Honestly though it looked like no one had the pace for Mees at Calistoga. Carver reeled him in during the final laps and was only 0.114 seconds behind at the finish, but it’s likely that Mees was slowing down at the end because he thought it was in the bag.

1Your Calistoga podium: 3rd place Kenny Coolbeth Jr. (left), 2nd place Jefferey Carver (right) and race winner Jared Mees (center).

The “month of miles” will now begin, which more accurately means six of the next seven events will feature 1-mile ovals. The Indians seem to have no trouble with the high-speed mile races, with either Bryan Smith or Jared Mees winning every mile race in 2017.

It’s not all about Indian. Here we see Briar Bauman (#14) using the Zanotti Racing Kawasaki Ninja650 to pressure Kayl Kolkam (#98) on his Yamaha FZ-07.

The Arizona Mile happened May 12 and Jared Mees walked away from the start, leading every lap on a loose and dusty track. Now the series comes back to California for the Sacramento Mile May 19. That will be the west coast’s last chance to catch American Flat Track in person. This also might be the first time in seven years that Bryan Smith has not won the event. Smith plans to race the event, but it is unlikely his leg will be 100% healed. Or will Smith dig deep and pick up his chase for the title before he falls any further behind? That alone will be a show worth watching.
Be sure to check out American Flat Track’s full schedule for 2018 and don’t miss a chance to see the speed and fury with your own eyes. And for those events too far away you can either livestream the races on or watch the tape-delayed airing on NBCSN. There is no reason to miss racing this good.

Come see the races in person. You can smell the race fuel and the dust in the air, hear the roar, and feel the crackle of energy in the air as two-dozen lunatics head for turn 1.

Speaking of the rest of the season, Jared Mees has already won the first five races, leading the most laps at each one. Can anyone stop him from taking another national title? With so much of the field now on Indian FTR750’s Jared will have some challenges, but unless a specific rider can beat him consistently, Mees looks like a shoe-in for another title. Even if you’re beaten repeatedly, if it’s a different rider each time, you are still walking away with the title based on consistency.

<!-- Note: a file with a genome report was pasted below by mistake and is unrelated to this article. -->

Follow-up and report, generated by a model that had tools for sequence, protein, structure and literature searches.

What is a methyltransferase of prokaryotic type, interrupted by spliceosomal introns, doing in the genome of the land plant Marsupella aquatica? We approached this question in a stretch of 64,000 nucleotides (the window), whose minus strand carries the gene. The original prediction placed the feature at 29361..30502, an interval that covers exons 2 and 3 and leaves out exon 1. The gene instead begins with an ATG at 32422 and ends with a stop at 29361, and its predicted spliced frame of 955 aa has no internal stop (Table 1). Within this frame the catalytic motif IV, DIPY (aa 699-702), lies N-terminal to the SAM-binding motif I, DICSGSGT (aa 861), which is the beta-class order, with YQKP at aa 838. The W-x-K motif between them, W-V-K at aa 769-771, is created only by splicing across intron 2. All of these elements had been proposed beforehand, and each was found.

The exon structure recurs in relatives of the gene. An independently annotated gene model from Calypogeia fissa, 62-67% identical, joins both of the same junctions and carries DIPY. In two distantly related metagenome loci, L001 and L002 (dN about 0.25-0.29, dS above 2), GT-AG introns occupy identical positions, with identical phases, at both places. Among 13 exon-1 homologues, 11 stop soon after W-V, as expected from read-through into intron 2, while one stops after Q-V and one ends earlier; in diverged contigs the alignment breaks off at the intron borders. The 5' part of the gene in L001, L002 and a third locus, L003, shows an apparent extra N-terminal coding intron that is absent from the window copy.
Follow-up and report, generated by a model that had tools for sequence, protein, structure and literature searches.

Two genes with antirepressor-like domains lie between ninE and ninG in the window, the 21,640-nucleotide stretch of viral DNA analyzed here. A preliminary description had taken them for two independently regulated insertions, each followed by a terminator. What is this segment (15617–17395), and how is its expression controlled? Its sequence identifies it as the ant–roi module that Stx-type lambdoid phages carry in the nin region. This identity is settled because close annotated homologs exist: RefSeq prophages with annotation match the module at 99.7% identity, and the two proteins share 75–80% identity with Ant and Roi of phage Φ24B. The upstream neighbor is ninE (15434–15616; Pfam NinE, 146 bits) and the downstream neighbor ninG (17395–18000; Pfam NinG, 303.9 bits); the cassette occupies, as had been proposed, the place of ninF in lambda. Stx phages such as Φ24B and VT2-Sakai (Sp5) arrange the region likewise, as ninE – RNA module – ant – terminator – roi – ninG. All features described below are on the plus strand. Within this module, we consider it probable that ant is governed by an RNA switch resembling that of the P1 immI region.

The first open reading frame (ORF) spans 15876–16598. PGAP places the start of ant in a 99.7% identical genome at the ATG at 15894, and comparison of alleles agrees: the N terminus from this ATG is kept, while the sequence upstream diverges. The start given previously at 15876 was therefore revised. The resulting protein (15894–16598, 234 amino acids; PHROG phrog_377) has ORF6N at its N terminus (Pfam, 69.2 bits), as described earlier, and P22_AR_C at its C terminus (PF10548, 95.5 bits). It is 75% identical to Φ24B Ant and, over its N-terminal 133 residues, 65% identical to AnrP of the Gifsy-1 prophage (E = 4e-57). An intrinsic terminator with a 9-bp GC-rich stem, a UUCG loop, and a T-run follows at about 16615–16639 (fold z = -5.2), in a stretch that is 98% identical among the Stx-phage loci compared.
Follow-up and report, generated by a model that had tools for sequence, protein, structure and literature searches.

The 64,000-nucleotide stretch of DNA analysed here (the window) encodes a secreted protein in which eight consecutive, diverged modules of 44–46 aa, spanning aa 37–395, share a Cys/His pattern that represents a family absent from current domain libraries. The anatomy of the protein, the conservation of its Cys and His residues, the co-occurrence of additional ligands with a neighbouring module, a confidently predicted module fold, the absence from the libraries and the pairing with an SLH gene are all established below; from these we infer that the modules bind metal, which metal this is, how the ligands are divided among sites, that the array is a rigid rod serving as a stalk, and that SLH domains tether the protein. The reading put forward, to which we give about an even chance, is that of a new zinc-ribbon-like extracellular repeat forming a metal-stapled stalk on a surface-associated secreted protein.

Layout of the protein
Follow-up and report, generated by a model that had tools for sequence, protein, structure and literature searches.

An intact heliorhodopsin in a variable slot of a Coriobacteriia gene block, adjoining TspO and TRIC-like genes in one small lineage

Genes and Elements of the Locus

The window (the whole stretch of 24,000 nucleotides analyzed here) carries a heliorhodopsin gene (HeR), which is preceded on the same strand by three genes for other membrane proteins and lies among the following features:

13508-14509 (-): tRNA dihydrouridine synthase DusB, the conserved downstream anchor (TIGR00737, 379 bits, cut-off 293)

But perhaps Vance & Hines Harley Davidson will sort their XG750R out before the season is through? Whether they do or not, will Indian be able to maintain it’s dominant position when KTM joins the series in 2019 with a twin of their own? The Austrian company’s motto is “Ready to Race.” They compete successfully in several offroad categories and have been a force to be reckoned with on pavement in the smaller displacement categories. But they will be going the same route as Harley-Davidson, making their 790 street engine into a racing package. While definitely possible, it isn’t as easy as purpose building an engine from the ground up for racing, such as Indian has done.

Jared Mess won the title last year and has won the first four races this season (although he was disqualified from Atlanta’s event for an illegally modified tire). Can anyone stop him?

Another new development for the 2019 season is a proposed Production Twins class. This would allow riders in the Singles class to dip their toe into the big-bike class without breaking the bank. It would also provide fertile ground for Harley’s XG750R engine to compete against the upcoming KTM, and the Kawasaki Ninja 650, the garage-builder’s choice for years now.
There is record level contingency money for privateer teams to chase, with Harley alone is offering over $500,000 this year to Harley-mounted riders based on their finishing position. It’s very likely that both Harley and KTM will have big contingency programs for the Production Twins class next year. Watching private teams on custom built frames using a built-up street engine harkens back to the bygone days of racing when the “man in a van with a plan” could show up and take on the factory teams, hoping to earn enough gas money to make it to the next race. It should be great to watch.
There truly hasn’t been a better time to be an American Flat Track fan.